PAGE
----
May the sun bring you new energy by day, may the moon softly restore you by night, may the rain wash away your worries, may the breeze blow new strength into your being. May you walk gently through the world and know its beauty all the days of your life. – Apache Blessing
- Sweet corn – all
- Kale – all
- Tomatoes, slicers and minis – all
- Bell peppers – all
- Apple mint – all
- Cucumbers – all
- Summer squash – all
- Fennel – single, half
- Eggplant – full, single
- Onions – full
- Green beans – full
- Zinnias – full, half
- Cucumbers and summer squash are really winding down
- Only one smaller delivery of sweet corn left for next week
- You gotta love those ‘yellow mini’ tomatoes
- Read about Fennel in our weekly newsletter
- We have irrigation running 24/7 again as the fields are dry
- Final field planting of greens going in this week
- Crops to look forward to: winter squashes, carrots, beets, melons, pie pumpkins, fall greens, fall brassicas, apples and more!
- Does anyone want to reserve a camping spot on the farm for September 22nd, 23rd or both nights? Check out our website to learn more or contact us at firstname.lastname@example.org.
- Mark your calendar for our FALL HARVEST PARTY Sat. Oct. 21 2-8 p.m.
- Sign up soon for our Fall Share – delivery dates are Oct. 26th, Nov. 9th, and Nov. 21st
- Please return our boxes, ice packs, tomato containers, and egg cartons
- Wash all your produce before you eat it
Farm Thoughts and Reflections
This week on the farm, the nights have dipped below 50. Mornings we have begun to wear flannels and sweaters. The first tree on our gravel lane began to turn orange and shed, but only on the north side. The south side of the tree still soaks in enough sun to stay green. The grasshoppers make plenty of noise at night. The littlest chickens have begun to explore the world outside their coop. The last of the basil has been covered to keep it from the chill. Spinach and radishes have begun peeking out of the ground. Our kitchen table collection of produce oddities has grown with each tomato harvest. Last night, I watched a bright moon rise above the tree line, sitting between the pumpkin patch and the winter squash.
Vegetable of the Week: Fennel
This week’s vegetable of the week is fennel. A crunchy, slightly sweet vegetable, that tastes curiously like licorice, fennel is often difficult to find in conventional grocery stores. The bulb, stalks, leaves, and seeds of fennel are all edible. Worth knowing is that the bulb of fennel should be cored before using and the stalks require a longer cooking time to soften and prepare. Also, although quite tasty, the stalks can be tougher and fibrous. Fennel is closely related to parsley, carrots, and dill, and is an excellent source of vitamin C, fiber, potassium, molybdenum, manganese, copper, phosphorus and much more. To prepare fennel, consider sautéing or roasting it with onions and bell peppers, combine it with avocados and oranges, or top it thinly sliced in yogurt with mint leaves. Give fennel a try with this or next week’s delivery!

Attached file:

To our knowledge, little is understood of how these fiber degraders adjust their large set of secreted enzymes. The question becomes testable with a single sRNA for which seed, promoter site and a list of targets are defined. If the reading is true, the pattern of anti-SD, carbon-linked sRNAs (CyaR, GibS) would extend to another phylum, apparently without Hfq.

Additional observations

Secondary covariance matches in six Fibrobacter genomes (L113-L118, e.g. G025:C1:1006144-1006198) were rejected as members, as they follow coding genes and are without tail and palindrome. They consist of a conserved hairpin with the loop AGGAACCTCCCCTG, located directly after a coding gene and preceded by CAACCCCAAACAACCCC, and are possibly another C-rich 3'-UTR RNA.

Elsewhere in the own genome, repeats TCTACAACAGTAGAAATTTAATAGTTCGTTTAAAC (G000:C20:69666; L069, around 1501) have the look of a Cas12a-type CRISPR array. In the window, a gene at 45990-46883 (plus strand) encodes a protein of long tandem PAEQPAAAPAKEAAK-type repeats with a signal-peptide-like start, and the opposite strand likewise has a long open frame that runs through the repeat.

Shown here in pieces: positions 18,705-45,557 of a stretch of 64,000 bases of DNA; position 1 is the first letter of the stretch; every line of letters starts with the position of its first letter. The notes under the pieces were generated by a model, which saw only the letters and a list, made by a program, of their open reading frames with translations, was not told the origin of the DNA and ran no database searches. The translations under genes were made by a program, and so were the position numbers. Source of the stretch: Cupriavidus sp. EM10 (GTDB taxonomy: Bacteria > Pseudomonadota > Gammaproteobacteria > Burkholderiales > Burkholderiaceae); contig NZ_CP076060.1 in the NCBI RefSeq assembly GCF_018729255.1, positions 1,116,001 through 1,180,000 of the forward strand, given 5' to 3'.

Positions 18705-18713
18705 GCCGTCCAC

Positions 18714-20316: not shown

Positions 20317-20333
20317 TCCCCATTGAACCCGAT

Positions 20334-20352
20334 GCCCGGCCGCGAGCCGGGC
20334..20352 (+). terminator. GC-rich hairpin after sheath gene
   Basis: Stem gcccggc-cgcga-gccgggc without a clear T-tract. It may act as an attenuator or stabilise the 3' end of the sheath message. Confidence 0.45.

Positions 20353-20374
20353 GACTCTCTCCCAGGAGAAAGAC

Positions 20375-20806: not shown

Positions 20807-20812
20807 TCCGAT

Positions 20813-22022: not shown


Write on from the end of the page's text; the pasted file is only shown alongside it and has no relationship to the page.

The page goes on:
How do you use Earth Dance Farm fennel? What other recipes have you all been using? We would love to see and hear how our produce is prepared! Snap a pic and share it on Facebook or Instagram, or email it to us at email@example.com. Enjoy your box!
Meet the Farmer
This past weekend the interns at Earth Dance Farm had a salsa making party! Because we were making salsa for four people to share, we used a large recipe. Check out how we did it below and adjust the ratios and amount of hot peppers according to your supplies and taste preferences.
What you need:
- 10 cups chopped and cored tomatoes (about 25 medium)
- 5 cups chopped and seeded green bell peppers (about 4 large)
- 5 cups chopped onions (about 6 to 8 medium)
- 2-1/2 cups chopped and seeded chili peppers, such as hot banana, Hungarian wax, serrano or jalapeño (about 13 medium)
- 1-1/4 cups apple cider vinegar
- 3 finely chopped garlic cloves
- 2 Tbsp finely chopped cilantro or chives
- 1 Tbsp salt
- 6 16 oz pints or 12 8 oz half pint glass preserving jars with lids and bands
What to do:
- Dip tops of jars into gently boiling water to sterilize. Wash lids in warm soapy water and set bands aside.
- Combine tomatoes, peppers (bell and hot), onions, vinegar, garlic, cilantro/chives, and salt. Bring to a boil over medium-high heat, stirring constantly. Reduce heat and boil gently, stirring frequently, until slightly thickened, about 10 minutes.
- Ladle salsa into jars, leaving about 1/2 inch headspace. Wipe rim clean and seal jar.
- Check lids for seal after 24 hours. Lid should not flex up and down when center is pressed. If jars did not seal properly, refrigerate and consume first. If jars sealed, salsa may be stored.